The Mirrors (part fourteen)
Not only was her quest not needfully secret, not shameful in any way, but ears, Charmante had come to think, might be of help…if any happened to pick up some of their talk. You didn’t know what people knew.
She gave Esta the whole story, and Esta sat thoughtful.
“If Carolee did happen to accept, I don’t know…a visit…”
“Oh, she never would. And I’d never go. But listen, niece. You know what you’re up to? You’re stirring the devil. I don’t mean it like some superstition…it’s what I always thought, that time or two I laid eyes on Old Dumain. That man was the devil.”
“Then I’ll stop. If you say so.”
“You want to know why.”
“Why you thought?”
“It was the way he came around, looking like he’d just snatch you up.”
“You said a time or two.”
This was near rebellion, this mild doubt, and Esta sat forward to look Charmante in the eye. “I never knew any Dumains much, that’s the truth. Old Devil had some bad hold on people. Two daughters, both married the same man…think about that. A grandson from the older, Miss Carolee from the younger. And a weakly son, died in the riot. Old Devil never passed til after all the rest was gone. Only one of em he didn’t get.”
A lone granddaughter outliving the whole of her clan…for what it spoke to, in itself a sad thing…
But, that Esta could have this fancy, Carolee having not been got, as though her flesh and blood could have willed it.
“And so, Elizabeth.” Charmante ticked names off her fingers. “And an older daughter…Polly, you said? Married to the same man…”
“I think they was even cousins some way before all that…them two families, Dumains and Robacks, tied up together. Polly’s son was Carolee’s brother, and her cousin both.” Esta made a face. “Now I remember that. Nobody called him dead, but nobody saw him since I don’t know when. And Charleton was his grandson.”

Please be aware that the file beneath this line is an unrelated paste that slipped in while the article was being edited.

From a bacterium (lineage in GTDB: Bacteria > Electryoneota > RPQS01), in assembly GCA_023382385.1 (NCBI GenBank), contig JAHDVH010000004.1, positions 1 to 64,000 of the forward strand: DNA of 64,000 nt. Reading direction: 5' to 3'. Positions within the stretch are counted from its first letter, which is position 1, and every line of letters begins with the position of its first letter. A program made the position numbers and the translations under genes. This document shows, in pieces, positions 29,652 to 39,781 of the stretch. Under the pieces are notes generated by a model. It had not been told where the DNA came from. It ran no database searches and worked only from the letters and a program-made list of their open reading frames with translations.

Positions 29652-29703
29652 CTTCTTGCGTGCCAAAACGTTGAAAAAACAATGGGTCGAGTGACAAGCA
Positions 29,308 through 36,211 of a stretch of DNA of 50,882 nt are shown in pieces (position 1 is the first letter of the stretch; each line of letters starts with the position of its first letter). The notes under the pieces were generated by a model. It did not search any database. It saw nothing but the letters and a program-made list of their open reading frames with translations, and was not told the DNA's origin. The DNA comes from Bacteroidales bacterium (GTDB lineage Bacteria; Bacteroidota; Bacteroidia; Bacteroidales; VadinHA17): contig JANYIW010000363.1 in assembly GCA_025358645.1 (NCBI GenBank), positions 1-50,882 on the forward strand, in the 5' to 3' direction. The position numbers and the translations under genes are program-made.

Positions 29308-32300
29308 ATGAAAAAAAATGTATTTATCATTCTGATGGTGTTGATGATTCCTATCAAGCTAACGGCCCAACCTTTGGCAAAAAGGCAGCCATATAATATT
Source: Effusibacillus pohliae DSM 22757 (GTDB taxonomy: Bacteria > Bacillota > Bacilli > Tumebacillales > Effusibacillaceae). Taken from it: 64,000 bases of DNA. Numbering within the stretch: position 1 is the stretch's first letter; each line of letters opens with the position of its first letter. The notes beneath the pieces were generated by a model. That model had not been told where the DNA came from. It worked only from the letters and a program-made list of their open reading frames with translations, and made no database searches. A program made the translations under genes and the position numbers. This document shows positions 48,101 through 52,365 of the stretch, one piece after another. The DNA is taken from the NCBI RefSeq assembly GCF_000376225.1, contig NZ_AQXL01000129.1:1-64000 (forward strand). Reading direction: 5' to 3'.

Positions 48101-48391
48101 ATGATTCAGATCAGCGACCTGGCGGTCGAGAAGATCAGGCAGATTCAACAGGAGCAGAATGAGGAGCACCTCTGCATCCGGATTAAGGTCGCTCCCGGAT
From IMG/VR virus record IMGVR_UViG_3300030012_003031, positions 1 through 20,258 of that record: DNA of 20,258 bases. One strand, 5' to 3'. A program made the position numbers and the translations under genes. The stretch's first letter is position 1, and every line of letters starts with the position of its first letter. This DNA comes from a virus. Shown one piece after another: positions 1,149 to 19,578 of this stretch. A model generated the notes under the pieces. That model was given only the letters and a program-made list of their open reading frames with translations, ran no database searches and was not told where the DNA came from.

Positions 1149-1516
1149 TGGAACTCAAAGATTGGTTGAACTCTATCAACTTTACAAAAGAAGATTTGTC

“Dumain’s, you mean. So Roback, the banker…the last one to own St. Hubert…”
“Was the father,” William said, “of the grandson by the first wife, and Miss Carolee by the second. Them two wives was sisters.”
And Dumains, by birth. None of this, while not unbelievable, seemed very wise.
“He was a tyrant, Old Dumain.”
Esta’s tilt of the head said she could allow this.
“He had a hold on them because they were all so connected. But was it money, too? Did he shore them up?”
“Reckon,” said Esta.
From across the road someone called this. He had been on a vine-shrouded corner of his porch, the house dark, its shadow cooling Esta’s. The tip of a cigarette informed them that he listened, but only at Charmante’s questions had this neighbor begun to chime in softly…yes, Roback, owned that island…yes, Dumain, a tyrant…
And a grunt more emphatic at this next, of money.
“How are you, Mr. Meeker?”
“How do,” Meeker said, crossing to offer his hand.
“How do. William Wright.”
Meeker sat on Esta’s lowest step. “The old cholera hospital. I can’t say what Dumain was…doctor in charge. Called him young Dumain back then. Place got to be more like a poorhouse, being the epidemics would come and go, but in’gents all the time get dumped off there, and the loonies. Now when they had the fire, Dumain had gave orders to lock the wards. Families crowded up outside the wall, and he got put under custody of the marshal so he didn’t get lynched. Pumps needed the river water, and the hoses laid out, and all them inmates, being wrong in the head, go wandering, get theirselves in the way. That’s what Dumain said, and get loose in the town, jump out at the women. So he got the judge on his side. Thing was, one or two testified they heard Dumain…”
He stopped, to wave a fresh cigarette at a cloud of gnats. “I have to get it right. I don’t know what he said, certain. But them types of people don’t need to live. Better if they didn’t.”
“And you know,” said Esta. “They let him go.”
(2020, Stephanie Foster)